Nothing affects the look of a road bike like worn out and dirty bar tape. Fresh tape makes the bike look and feel great again! Here’s our handy step-by-step guide to wrapping drop handlebars.
1. Out with the old
Firstly, remove the old tape and clean up any residue that’s been left on the handlebar. Sometimes bits of the old tape and glue residue can get left behind. You don’t want to wrap over the residue as this could create bumps and bulges – not what you want on a freshly wrapped handlebar!
2. Inspect the clean handlebars
When you have removed the bar tape, inspect the cable housing and ferrules where they enter the brake levers and assess whether you need to make any replacements.
This is also a good time to re-position the levers on the bar if you need to, as it’s much harder to make these adjustments once the bars are wrapped.
3. Plan your route
Once you’ve used electrical tape to secure the cable housing to the handlebar, you need to decide where you want the handlebar wrap to end. Once you’ve decided, use some more electrical tape to mark the endpoints.
4. Clamp covers…
Opinion is divided over whether to use clamp covers. Some prefer less bulk behind the clamp, while others like the finish they give. If you decide to use them, most tape packs come with a couple of short tape sections. All you have to do is trim them to the exact length needed so they’re ready for application later.
5. Time to wrap!
Start your wrap at the bar end. Always wrap from the inside outward. This means on the right side, you’ll wrap clockwise; on the left, counter-clockwise. Putting the tape on this way means the wrapping is better equipped to resist the stresses from the rider’s hands in the drops (which tend to pull the tape in the opposite direction).
Position the end of the tape so that it extends about halfway over the edge of the bar. Keep the tape tense while wrapping a couple turns. At this point, we recommend installing your bar plug – putting in the plug early allows you to go back to even things out at the bar end if necessary.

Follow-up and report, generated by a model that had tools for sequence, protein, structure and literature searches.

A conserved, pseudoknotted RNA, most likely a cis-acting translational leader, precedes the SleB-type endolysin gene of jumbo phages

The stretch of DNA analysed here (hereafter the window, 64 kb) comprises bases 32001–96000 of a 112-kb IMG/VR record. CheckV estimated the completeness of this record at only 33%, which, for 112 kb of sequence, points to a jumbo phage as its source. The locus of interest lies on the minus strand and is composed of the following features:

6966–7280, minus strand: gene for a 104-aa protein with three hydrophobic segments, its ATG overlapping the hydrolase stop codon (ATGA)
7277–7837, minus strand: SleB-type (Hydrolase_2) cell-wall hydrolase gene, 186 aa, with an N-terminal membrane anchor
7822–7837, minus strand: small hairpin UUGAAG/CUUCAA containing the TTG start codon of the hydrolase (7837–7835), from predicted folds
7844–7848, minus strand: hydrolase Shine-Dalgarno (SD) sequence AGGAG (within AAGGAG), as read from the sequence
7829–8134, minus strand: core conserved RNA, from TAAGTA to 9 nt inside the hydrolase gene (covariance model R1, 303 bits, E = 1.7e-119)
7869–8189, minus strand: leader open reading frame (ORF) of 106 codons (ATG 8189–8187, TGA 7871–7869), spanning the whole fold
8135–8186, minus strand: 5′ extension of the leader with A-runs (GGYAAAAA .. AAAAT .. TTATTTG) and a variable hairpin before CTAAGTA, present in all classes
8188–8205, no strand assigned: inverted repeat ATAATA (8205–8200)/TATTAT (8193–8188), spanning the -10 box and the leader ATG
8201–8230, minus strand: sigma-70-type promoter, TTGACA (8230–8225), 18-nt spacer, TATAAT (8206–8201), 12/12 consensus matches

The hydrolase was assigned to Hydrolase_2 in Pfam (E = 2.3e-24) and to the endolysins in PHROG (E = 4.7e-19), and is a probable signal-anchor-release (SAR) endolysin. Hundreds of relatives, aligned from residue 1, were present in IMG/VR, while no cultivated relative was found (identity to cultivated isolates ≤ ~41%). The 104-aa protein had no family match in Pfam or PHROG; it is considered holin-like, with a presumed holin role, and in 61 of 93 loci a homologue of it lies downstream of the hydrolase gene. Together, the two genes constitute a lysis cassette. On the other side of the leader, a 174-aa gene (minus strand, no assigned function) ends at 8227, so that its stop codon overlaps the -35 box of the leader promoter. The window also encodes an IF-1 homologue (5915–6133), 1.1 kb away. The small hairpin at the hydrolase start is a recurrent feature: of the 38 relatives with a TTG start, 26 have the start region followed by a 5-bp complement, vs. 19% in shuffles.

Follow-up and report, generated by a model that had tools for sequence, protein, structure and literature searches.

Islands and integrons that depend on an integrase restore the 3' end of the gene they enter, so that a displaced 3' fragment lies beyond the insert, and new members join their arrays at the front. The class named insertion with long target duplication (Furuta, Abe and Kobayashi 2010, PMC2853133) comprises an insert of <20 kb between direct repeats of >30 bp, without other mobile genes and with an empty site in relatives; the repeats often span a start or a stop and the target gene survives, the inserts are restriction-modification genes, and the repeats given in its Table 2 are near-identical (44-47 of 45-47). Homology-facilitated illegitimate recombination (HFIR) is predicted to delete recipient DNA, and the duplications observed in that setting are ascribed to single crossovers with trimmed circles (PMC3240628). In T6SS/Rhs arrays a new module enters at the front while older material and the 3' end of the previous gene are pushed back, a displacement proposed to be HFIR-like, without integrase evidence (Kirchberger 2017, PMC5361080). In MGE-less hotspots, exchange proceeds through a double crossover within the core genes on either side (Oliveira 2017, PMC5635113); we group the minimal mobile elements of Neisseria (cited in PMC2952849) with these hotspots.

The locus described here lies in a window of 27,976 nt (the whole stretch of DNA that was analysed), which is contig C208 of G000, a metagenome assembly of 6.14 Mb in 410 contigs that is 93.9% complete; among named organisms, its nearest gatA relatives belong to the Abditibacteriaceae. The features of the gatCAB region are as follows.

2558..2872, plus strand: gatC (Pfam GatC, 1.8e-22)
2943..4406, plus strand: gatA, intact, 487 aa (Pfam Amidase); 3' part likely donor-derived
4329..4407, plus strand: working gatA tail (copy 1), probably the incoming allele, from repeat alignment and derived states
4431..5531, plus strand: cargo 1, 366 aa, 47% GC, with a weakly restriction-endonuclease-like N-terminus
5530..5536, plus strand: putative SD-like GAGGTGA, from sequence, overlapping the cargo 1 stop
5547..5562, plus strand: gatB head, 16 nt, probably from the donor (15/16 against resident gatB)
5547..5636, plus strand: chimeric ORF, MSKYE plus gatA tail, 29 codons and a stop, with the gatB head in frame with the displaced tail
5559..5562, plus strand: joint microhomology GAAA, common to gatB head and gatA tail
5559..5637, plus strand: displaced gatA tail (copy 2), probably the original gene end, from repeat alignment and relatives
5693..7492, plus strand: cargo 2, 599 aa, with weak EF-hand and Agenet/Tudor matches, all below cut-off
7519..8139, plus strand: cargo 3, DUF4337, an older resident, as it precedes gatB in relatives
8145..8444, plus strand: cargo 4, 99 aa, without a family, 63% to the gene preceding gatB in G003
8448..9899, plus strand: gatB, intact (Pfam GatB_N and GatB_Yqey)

Start wrapping while keeping the tape taut without overstretching it. Remember, some types of handlebar-tape might need more tension than others. Ensure the wrap is even as you move along the bar.
6. A figure of eight
Most people find navigating the brake levers the hardest part about wrapping drop handlebars. There are many different methods to doing this – but we think the best method is the figure of eight.
When you get the tape half a length away from the lever body, position the piece you pre-cut for covering the clamp (step 4) and then wrap up and across it, coming over the top of the lever body and crossing back over and down again.
Once this is successfully navigated, bring the tape up past the lever and back onto the bar again, keeping an even tension. Now you can continue wrapping, keeping the gaps even up until the point you marked for the tape to end (step 3).
7. Nearly there…
Extend your wrap just beyond this end-point mark and trim the excess, leaving about 1–2 inches extra. Once you’ve done this, cut the tape to match the angle of the wrapping.
The tape should now align with your end-point – you may want to stretch or trim to make it perfect. Use a short section of electrical tape to secure the trimmed end neatly into the end of the final turn. We recommend going around a few times to make it nice and even. Cut your electrical tape and finish the whole look with the logo tape (often) supplied with the bar tape.
Once you’ve repeated these steps for the other handlebar, the only thing left to do is sit back and admire your excellent handy work! Now, we think it’s time for a trial run, don’t you?